Fortunately, Mojarra isn't the only game in town: Apache MyFaces is alive and well, including with an actively-developed 4.0 branch. This implementation does not derive from the original, and doesn't use the com.sun.faces namespace. As an intriguing tidbit, Notes (but not Domino) actually includes MyFaces 1.1; I'm guessing it's another thing in there to support some kind of "Social" foofaraw.

Anyway, MyFaces was my ticket to success. Not only did it remove the problem of needing to walk on eggshells with package and attribute names, but the fact that it's a wholly-different implementation removed some of the other weird problems I was dealing with from the table.

Required Infrastructure Improvements

Unlike some of the more staid specs (like JSP) or cutting-edge ones (like MVC and NoSQL), both JSF implementations lean heavily on Servlet-spec features that showed up after Domino's 2.4 implementation. While they fortunately don't require filters, they do heavily use listeners of many stripes.

So, like when I had to hack together RequestDispatcher support to implement MVC, I had to do similarly here to support attribute listeners and manually kick of lifecycle event notifications.

I realize I'm kind of baking my way into making a full Servlet 5 container on top of Domino's rickety old one. There's way more work to make that an actual thing, but it's intriguing seeing it take shape just as incidental work from implementing other parts.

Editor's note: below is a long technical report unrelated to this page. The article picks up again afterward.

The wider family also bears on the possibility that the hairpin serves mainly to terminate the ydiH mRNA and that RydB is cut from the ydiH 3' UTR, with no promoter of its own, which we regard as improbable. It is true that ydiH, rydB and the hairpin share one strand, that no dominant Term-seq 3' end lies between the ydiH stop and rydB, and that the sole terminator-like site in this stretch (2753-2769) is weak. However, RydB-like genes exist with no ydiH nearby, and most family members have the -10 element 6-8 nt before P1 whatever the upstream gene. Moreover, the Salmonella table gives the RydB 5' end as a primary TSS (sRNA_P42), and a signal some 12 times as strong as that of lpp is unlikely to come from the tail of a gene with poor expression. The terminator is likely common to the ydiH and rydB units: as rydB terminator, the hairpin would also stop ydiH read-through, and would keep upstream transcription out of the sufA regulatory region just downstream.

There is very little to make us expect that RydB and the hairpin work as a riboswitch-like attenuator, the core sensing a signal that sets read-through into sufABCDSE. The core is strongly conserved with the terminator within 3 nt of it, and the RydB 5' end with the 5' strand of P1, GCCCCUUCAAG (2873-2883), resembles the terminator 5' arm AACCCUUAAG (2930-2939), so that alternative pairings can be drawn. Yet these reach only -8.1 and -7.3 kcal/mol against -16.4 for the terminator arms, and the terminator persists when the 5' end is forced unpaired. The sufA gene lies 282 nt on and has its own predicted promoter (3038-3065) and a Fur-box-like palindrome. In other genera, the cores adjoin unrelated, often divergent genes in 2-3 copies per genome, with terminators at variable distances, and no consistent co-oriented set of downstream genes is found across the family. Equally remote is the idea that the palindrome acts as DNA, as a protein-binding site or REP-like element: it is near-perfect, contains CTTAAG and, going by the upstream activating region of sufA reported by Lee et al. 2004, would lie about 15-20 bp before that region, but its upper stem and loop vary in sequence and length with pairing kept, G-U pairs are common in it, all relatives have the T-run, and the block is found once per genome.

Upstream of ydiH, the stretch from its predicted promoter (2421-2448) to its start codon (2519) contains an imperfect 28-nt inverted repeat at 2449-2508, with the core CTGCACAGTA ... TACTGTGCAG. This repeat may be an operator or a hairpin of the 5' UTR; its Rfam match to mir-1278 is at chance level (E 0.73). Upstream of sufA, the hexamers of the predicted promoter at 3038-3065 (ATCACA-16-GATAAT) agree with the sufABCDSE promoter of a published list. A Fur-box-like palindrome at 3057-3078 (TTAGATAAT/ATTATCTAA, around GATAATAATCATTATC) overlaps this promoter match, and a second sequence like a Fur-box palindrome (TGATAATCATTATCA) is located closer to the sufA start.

Next Steps

For the next steps, I'm not quite sure. For what it is, I think it's all working pretty well. However, while JSF on its own provides a lot of functionality, it's stuff like the component libraries from PrimeFaces that makes it a full toolkit. In a normal case, the server itself wouldn't provide component packs like PrimeFaces or Tobago - the app itself would bring them in as Maven/etc. dependencies and they would be included as part of the WAR. This would probably work in an NSF, but the experience of developing in an NSF when you have JARs in the classpath is... not great. Accordingly, I'm pondering including one or both of those in the project. It'd have tradeoffs, but it might make sense, or maybe it'd make sense to have associated projects that package them as distinct libraries to include. We'll see.

Video Series On The XPages Jakarta EE Project

Feb 7, 2022, 3:54 PM

  1. Updating The XPages JEE Support Project To Jakarta EE 9, A Travelogue